Large shareholders typically control European and Asian industrial giants, leaving minority shareholders less than well protected.  In several studies of the legal protection afforded minority shareholders across 27 countries, German shareholder protection ranked among the very worst. In the early 1990s, Daimler-Benz, one of the largest firms in Germany, was no exception.  In 1993, with Deutsche Bank owning 24% of the equity, Mercedes AG Holding 25%, and the Emirate of Kuwait 14%, its controlling shareholders decided to cross-list Daimler-Benz on the New York Stock Exchange (NYSE).

1997 Daimler Mercedes

All foreign firms that cross-list [list their shares for sale in more than one country] in the U.S. subject themselves to stricter disclosure standards.    In addition to listing on a major U.S. stock exchange, Daimler was required to file financial statements with the SEC and report any material non-financial information as well.   Cross-listed firms are also followed more closely by U.S. stock analysts and the business press.  These legal disclosure requirements and additional scrutiny by the investing community improved both the quantity and quality of information available to all shareholders about Daimler.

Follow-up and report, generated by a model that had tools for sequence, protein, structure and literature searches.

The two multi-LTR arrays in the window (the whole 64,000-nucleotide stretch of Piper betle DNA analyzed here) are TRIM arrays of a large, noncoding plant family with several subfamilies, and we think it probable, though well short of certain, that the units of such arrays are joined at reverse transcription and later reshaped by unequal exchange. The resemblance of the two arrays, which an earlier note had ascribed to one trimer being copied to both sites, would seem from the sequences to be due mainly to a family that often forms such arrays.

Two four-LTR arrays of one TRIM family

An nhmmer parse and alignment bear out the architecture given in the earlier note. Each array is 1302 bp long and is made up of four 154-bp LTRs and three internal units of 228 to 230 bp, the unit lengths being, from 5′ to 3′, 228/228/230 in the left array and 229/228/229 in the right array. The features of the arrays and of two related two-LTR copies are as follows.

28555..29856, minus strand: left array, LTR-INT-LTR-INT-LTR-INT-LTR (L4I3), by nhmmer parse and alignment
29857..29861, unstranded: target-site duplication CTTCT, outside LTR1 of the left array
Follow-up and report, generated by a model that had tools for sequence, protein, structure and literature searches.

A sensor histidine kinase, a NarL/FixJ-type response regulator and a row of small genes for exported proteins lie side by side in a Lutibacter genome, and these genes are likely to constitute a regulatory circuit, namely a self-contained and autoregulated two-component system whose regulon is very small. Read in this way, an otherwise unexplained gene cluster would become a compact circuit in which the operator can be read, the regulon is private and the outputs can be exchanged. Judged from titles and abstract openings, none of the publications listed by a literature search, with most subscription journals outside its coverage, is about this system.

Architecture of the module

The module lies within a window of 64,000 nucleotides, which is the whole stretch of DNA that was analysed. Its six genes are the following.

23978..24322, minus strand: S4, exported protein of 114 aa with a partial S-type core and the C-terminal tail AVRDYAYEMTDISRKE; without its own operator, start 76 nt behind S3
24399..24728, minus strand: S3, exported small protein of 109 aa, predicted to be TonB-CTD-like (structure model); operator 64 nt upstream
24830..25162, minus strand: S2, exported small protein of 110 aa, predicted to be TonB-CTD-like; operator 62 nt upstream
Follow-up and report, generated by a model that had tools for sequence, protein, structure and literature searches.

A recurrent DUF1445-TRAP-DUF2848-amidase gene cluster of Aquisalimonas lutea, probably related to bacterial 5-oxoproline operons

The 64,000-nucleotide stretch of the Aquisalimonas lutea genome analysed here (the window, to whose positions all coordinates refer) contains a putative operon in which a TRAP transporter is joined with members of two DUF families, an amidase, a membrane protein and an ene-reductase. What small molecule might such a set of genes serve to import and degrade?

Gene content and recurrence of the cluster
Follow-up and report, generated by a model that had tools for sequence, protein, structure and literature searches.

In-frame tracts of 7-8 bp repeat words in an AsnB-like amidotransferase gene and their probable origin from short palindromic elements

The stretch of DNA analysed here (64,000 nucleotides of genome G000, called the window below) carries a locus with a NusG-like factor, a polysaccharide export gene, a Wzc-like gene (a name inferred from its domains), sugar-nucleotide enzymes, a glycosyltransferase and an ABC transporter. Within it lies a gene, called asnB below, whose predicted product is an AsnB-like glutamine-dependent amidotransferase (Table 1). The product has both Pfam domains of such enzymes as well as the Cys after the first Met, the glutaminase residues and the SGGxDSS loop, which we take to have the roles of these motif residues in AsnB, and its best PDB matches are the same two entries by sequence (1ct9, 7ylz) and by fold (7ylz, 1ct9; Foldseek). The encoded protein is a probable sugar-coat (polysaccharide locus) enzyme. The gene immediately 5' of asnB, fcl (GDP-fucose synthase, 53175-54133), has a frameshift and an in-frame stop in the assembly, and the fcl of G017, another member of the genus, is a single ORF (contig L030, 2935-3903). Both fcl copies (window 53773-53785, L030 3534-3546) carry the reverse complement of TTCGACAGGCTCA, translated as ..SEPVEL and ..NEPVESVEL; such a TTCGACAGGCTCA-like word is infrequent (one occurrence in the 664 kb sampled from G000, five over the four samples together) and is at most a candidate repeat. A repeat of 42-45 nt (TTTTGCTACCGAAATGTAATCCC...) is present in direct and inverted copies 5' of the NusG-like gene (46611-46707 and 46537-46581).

1997 Chrysler Town and Country Minivan

By early 1998, the cross-listed Daimler shares were widely held and actively traded worldwide, including significant volume originating in the United States. In September of 1998, Daimler and Chrysler shareholders, majority and minority owners alike, overwhelmingly approved a merger creating DaimlerChrysler AG (DCX) through an exchange of the cross-listed share for the first “global registered share” (GRS).  The so-called “merger of equals” was widely expected to realize both operating efficiencies and, via the informational transparency of the GRS, improved access to international capital markets.

By Sherry Jarrell – Part Two continues tomorrow.